DubTee1480

        s-series.org, s10forum.com & s-seriesforum.com are good sources of info… also http://home.windstream.net/mcfly/truckenter.htm
        Mickey Flynn’s 3.4 page has been up and down in the years since I first started looking, but it looks like it’s back up.
        Head south with a flat bed and pick up a few for spare body parts, lol

  • avatar
    obbop

    Was it the 1974 Impala that required the engine to be raised up a bit to reach that one rear spark plug?

    • 0 avatar
      AKADriver

      A few cars are like this, mostly tiny ones that weren’t intended to hold V8s to begin with like the Vega-based Monza that was posted the other day. I believe the LT1-powered Camaro/Firebird also requires some unusual acrobatics to get that rear pair.

    • 0 avatar
      DubTee1480

      Correct on the LT1 F-bodies… the rear plugs are underneath the lower windshield. RE the 74 Impala, I guess the more things change the more they stay the same… in my 2004 Impala I have to tilt the engine forward to service the rear bank of plugs.

    • 0 avatar
      texan01

      It was the Vega/Monza with the V8.

      If you had to pull the engine out of the Impala to do anything short of yanking the block, you were doing it wrong. Been there, with a marathon engine swap in a ’74 Caprice wagon, we did it on a bet, and did it in 12 hours, swapped out the dead 400 for a lively 305.

      First time I did plugs on my explorer, before I figured out the trick, I broke all 6 of them off. 2nd time I did the same trick that I used on my Chevelle and used a 3/4″ socket as a short extension for the plug socket.

      • 0 avatar
        MRF 95 T-Bird

        I owned a 73 Impala and changing plugs was no problem. On my 81 Monte Carlo w/ the 3.8 229 Chevy V-6. To do the plugs I had to pull the wheel on the drivers side and use an extension w/socket to access them. It seemed to be the easiest way vs. from under the hood.

    • 0 avatar

      The Sunbeam Tiger had a little access panel you had to open to get the rear most spark plug.

  • avatar
    vww12

    This message has passed not one, but several special electronic quality tests.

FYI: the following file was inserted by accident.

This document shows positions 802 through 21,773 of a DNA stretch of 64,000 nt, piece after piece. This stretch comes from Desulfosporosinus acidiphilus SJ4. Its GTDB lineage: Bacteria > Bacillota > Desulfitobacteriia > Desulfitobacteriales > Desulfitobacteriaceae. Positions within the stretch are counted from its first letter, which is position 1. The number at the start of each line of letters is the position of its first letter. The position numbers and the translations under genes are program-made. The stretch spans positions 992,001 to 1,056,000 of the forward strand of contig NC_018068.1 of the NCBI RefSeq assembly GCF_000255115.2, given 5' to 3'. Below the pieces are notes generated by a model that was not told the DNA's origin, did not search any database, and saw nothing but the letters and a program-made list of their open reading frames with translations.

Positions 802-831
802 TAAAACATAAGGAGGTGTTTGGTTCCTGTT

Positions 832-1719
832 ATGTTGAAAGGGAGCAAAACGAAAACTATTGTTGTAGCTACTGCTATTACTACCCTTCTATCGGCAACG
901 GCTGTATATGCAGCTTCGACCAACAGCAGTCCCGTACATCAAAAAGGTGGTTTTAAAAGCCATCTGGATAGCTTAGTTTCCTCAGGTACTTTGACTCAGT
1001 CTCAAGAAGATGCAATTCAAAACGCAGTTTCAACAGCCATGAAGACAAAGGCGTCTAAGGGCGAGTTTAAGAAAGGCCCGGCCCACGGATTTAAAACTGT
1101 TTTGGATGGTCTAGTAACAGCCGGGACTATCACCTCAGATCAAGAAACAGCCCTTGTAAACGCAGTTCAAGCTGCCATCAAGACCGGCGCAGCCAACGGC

This message has been delivered using special electronic tools and systems.

    Please treasure this message.

  • avatar
    Zackman

    After mulling over this for awhile, I think it’s just the heavy-duty equivalent of the little paper tags you’d find years ago in a pair of pants or shirt that simply said “Inspected by No. 9″.

  • avatar
    windswords

    Chrysler V8’s always had a good reputation in the 50’s and 60’s. After reading the Allpar article I can see why. I heard they had forged cranks instead of cast. I do know that more often than not when I see an old beater (unrestored) still on the road it’s a New Yorker, Newport, Polara, or Satellite rather than a GM or Ford product of the same era.

    • 0 avatar
      Felis Concolor

      A little known tidbit from the Mopar files are their valvetrain quirks; the big block engines used lifters nearly 0.100″ larger in diameter than what was found in Ford and GM big blocks. For budget racers, this was a godsend as it allowed for a more aggressive cam profile than Ford and GM engines could support before making the mandatory shift to roller lifters and camshafts, which adds several hundred dollars to the cost of parts.

  • avatar
    Flipper35

    Unless there was an engine swap sometime there wouldn’t be a 360 in that truck since the 360 wasn’t produced yet. I would bet on a 273 or 318.

    • 0 avatar
      golden2husky

      You’re right, my bad. That the engine is LA is without doubt. I went out to my garage and lifted the hood just to check…the memory isn’t what it used to be…

  • avatar
    lilpoindexter

    All chrysler engines (and probably all engines) get a “cold test”. You spin the engine at x rpm, with pressure transducers on the intake and exhaust ports, you can see if the valves are opening and closing at the right times, for the correct ammount of duration.
    Oil pressure and spark are also checked. I bet this special electronic test was some form of pre-cursor to the modern cold test. I was never in mound rd engine, but I’ve been in Trenton Engine, Saltillo Engine, and Mack engine many times in a previous life.

  • avatar
    smlfox

    I there was a similar sticker on my friend’s dad’s old 1984 Dodge Ram. I could be misremembering though because I know it had a little box attached to the carburetor that said Electronic Ignition Control or some such. I think I remember seeing a “special electronic test” sticker and laughing to myself at the scarcity of electronics on the truck.

    I miss driving it, sometimes, despite it’s state of disrepair. It was a beast.